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The Hindmarsh Hall

A Grade II Listed Building in Alnmouth, Northumberland

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Latitude: 55.3867 / 55°23'12"N

Longitude: -1.6117 / 1°36'42"W

OS Eastings: 424698

OS Northings: 610377

OS Grid: NU246103

Mapcode National: GBR K654.WT

Mapcode Global: WHC1M.6VST

Entry Name: The Hindmarsh Hall

Listing Date: 1 September 1988

Grade: II

Source: Historic England

Source ID: 1371168

English Heritage Legacy ID: 236915

Location: Alnmouth, Northumberland, NE66

County: Northumberland

Civil Parish: Alnmouth

Traditional County: Northumberland

Lieutenancy Area (Ceremonial County): Northumberland

Church of England Parish: Alnmouth St John the Baptist

Church of England Diocese: Newcastle

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Listing Text

(East side)

20/24 The Hindmarsh Hall


Village Hall. Originally early C18 granary, altered in mid C19. Street
front squared stone of near-ashlar quality; other elevations large rubble;
cut dressings. Welsh slate roof. C19 remodelling in plain C13 style.

Gable front to street. Central pair of pointed moulded doorways, left with
boarded double doors, right with C20 glazing, flanked by small inserted
windows. 4 short lancets above, and 2 taller lancets in gable, all with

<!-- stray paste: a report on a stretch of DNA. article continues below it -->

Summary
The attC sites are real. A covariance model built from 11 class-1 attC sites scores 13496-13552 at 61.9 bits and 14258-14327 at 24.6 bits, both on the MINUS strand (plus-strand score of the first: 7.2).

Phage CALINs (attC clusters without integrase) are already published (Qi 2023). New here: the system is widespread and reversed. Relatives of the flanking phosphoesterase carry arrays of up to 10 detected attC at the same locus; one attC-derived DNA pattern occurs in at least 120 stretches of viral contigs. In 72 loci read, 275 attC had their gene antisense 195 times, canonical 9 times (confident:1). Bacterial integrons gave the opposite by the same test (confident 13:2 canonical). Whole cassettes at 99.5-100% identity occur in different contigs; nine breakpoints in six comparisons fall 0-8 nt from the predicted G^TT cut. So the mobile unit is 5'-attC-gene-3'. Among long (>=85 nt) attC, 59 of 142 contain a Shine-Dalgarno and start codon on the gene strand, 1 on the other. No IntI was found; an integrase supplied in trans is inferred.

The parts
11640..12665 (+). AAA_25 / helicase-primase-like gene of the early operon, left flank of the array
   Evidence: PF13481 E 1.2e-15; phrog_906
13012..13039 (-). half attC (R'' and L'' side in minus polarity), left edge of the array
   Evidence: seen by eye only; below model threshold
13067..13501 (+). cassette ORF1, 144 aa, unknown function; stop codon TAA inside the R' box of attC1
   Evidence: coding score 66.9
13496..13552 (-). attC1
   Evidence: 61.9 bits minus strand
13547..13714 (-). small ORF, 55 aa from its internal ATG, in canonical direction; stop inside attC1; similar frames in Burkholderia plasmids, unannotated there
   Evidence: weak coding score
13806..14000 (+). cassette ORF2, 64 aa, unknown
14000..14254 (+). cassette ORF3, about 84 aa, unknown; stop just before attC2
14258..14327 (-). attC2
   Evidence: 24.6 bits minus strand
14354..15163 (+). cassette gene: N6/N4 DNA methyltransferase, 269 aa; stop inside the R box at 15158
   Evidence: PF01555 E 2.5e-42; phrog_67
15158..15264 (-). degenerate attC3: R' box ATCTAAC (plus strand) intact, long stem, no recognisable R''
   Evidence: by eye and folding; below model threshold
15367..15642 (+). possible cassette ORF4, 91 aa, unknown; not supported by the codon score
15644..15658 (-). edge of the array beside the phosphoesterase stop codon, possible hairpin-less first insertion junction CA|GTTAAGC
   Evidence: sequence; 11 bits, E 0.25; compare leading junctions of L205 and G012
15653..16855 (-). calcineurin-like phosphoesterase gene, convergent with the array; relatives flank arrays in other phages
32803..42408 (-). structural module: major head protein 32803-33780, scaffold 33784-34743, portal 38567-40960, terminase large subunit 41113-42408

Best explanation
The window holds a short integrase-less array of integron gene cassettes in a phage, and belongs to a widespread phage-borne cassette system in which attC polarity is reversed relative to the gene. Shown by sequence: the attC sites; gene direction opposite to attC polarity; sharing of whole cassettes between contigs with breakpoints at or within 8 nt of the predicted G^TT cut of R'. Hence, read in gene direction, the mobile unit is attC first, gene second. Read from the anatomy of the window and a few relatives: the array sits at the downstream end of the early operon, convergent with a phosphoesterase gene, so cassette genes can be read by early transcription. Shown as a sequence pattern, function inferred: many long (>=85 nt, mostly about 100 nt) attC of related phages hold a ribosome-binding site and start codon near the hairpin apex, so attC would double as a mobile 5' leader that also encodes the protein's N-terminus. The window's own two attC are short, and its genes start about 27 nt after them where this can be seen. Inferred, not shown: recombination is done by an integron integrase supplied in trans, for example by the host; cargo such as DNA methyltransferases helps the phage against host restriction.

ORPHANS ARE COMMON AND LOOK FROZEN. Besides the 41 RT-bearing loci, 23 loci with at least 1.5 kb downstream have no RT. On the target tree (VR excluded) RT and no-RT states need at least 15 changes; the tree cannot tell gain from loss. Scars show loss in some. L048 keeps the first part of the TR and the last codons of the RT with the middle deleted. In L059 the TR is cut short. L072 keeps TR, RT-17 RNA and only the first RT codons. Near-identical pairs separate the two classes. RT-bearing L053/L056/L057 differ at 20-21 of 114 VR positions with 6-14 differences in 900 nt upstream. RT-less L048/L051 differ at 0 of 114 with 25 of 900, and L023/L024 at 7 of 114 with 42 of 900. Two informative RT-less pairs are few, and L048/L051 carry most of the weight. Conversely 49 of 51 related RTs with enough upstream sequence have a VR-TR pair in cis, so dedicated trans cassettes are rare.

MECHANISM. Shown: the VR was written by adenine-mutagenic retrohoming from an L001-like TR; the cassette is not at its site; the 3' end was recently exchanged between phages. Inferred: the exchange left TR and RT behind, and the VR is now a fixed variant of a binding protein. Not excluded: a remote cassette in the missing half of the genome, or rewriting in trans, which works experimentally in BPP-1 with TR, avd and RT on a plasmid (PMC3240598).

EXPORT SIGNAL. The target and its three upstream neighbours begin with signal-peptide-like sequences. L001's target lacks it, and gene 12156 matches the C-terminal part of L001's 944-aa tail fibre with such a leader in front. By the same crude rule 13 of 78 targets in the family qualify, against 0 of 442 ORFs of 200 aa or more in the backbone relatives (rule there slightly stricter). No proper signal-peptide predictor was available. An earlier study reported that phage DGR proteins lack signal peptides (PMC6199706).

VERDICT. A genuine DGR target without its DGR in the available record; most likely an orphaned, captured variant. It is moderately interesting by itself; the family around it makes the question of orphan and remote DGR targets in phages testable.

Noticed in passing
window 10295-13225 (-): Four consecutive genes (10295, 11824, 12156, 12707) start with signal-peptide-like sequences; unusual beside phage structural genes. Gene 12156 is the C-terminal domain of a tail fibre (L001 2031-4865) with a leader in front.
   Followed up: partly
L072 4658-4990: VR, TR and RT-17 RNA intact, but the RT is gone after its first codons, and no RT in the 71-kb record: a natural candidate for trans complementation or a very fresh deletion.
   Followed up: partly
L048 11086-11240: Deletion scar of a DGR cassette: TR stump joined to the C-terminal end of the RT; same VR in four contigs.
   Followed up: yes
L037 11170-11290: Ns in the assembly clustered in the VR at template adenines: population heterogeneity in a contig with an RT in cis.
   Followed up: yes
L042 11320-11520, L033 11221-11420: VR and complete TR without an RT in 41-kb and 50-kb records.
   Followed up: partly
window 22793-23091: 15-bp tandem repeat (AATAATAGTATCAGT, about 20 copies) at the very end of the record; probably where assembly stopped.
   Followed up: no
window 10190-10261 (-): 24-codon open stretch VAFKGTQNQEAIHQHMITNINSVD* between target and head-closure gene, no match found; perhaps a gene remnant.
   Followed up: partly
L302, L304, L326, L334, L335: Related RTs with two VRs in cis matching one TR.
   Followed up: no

leaded glazing. Coped gable on moulded kneelers has corbelled-out gabled
bellcote with pointed arch and moulded finial. Returns each show 2 stepped
buttresses, 2- and 3-light late C19 windows (central window on left return
set in older blocked arch) and 5 lancets higher in the wall; stepped-and-
corniced stack on left return. Rear gable end shows 2 lancets high in wall.
Right return and rear gable end also show blocked granary openings to 4 floor
levels; those to 1st floor have rough relieving arches above lintels.

Historical notes. Probably the earliest of the surviving Alnmouth granaries;
there is some evidence that it was converted to a corn exchange before
remodelling as an Anglican chapel in 1859; after the parish church was built
in 1876 it served as a village hall.

Listing NGR: NU2469810377

This text is from the original listing, and may not necessarily reflect the current setting of the building.

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